All of these things can help you gauge user interest for what you're doing and I've seen some pretty successful entrepreneurs implement these strategies. You should also visit http://Leanstartupmachine.com they host awesome weekend workshops to help you validate your business idea.
I'd love to hear about all the new ideas that are on this question. Feel free to message me!
I would go with these steps:
1. Identify the business segment you are entering
2. Identify people who know this particular segment
3. Discuss with them about your business idea
4. Sketch pros and cons from the discussions you have had and try to summarize what you learned in models such as business model canvas.
To discuss your idea with them, it must be clear who is going to be your client, how you are going to add value to them, how you are going to make money and why you are the right person to do that.
I hope this helps!
All the best,
Since you are entering the art market, your success will most likely be destined by the authors you are representing, so good choice of authors, possibility to represent them exclusively could well define your success or failure. I would suggest that you do that as a "side job" or a personal project along with current paying job as, as you know being a curator, values vary and what might be valuable in your eyes might be a flop on the market.
Try teaming and supporting new artists that are aspiring, the involvment will cost your time but not the so much money. And stick to the art fields you are an expert in, or team with other experts.
Have friends in art business, it is a tough business to break.
So I would actually suggest not to go into actual brick and mortar phase immediately (only if you were born with money, and you have something to play) but rather start online, then move to renting/sharing galleries for exhibitions, and move forward to actual brick and mortar location when you are already "established".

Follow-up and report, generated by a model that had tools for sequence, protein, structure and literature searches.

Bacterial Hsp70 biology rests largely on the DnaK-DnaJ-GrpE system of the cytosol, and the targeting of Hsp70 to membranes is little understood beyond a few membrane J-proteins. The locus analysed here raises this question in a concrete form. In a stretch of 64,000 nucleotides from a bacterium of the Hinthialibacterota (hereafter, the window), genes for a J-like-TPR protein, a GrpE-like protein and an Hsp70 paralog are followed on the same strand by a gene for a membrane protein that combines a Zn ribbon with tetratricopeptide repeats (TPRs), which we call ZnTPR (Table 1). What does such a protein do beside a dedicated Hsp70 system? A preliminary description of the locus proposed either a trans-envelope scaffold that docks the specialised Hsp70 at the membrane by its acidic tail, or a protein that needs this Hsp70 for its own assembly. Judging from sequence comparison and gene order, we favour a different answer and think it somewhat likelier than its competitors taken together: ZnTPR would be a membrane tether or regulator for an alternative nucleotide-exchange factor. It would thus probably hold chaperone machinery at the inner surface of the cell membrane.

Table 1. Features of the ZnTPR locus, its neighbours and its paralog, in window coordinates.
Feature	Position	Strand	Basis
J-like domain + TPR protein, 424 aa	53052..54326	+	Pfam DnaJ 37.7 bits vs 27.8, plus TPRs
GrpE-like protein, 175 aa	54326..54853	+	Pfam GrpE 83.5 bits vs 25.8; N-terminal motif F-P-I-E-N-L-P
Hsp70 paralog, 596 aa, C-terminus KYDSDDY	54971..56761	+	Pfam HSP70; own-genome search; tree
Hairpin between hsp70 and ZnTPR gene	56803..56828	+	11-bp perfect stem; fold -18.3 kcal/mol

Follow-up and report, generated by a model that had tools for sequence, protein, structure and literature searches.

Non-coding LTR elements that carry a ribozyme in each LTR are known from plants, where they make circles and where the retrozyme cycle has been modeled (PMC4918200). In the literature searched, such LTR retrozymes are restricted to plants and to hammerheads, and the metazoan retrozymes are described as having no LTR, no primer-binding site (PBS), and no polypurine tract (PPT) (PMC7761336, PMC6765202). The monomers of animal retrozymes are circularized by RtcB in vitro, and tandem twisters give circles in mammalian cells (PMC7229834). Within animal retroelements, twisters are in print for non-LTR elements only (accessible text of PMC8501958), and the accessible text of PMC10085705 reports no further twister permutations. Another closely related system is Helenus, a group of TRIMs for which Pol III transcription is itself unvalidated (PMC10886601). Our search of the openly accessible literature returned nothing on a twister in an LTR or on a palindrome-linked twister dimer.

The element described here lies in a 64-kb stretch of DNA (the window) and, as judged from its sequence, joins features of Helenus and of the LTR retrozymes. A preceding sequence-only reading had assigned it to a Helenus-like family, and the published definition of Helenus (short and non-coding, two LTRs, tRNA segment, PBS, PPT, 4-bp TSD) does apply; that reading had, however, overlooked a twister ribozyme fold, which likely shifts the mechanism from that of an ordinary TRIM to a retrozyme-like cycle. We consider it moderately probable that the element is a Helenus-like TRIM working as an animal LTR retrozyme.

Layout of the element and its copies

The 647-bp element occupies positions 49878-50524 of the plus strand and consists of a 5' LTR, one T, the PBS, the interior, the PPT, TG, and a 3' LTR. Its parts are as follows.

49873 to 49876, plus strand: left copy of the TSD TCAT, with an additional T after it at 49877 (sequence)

First up, best dressed ! But , good idea is not direct ticket to success. In theory gives you advantage but in practice it means that you need to invest more time and more money than second or third one. It is because you are that one who makes strategy, finding way to get costumers and in the end capitalizing you idea. Copy past is most effective (cheaper ) because needs less energy (money) So, if you have any similar "product" all you need to do is getting idea how to. Otherwise you can not find objective feedback , especially if your idea is totally different. One tip: find few potential investors, banks and try to get money from them. That guys have sixth sens for investing (not spendig ) their money.
I think this is the best way to launch a Web page and explore your business opportunity thru internet. This will give you some idea, before investing into real business.
Set up a website and see if you get any hits or inquiries.
Use social media e.g facebook,linkedin, myedge...and design qquestioner according to your work and hopes then analyze it...
I had a look at your profile and it seems you're opening an art gallery.
For me, the starting point would be "what sort of gallery?"
Are you looking to appeal to a broadly "art-loving" customer or will you be aiming at specific segments?
For example, are you seeking to promote new talent or more established artists?
Are you aiming at the more serious collector or people who just want "something nice for my dining room"?
I ask because you will need to understand that in order to have a solid staring point for your research.
Then I suggest you go and look at other galleries in and around your area.
That way you will be able to form an idea of what's popular (and selling) and what isn't.
I would also be very informative to find out how long they've been around. The longer established ones will have discovered their particular market and will understand how best to serve it. I doubt that the owners would tell you how they did it, but casually chatting to their customers might be useful. Or, if you don't want to be seen checking them out, get some trusted friends to do it for you.
I hope this helps, but do please ask if you think I can be of any further help.
I have an interest in startups as I'm co-authoring a practical workbook that aims to help people just like you.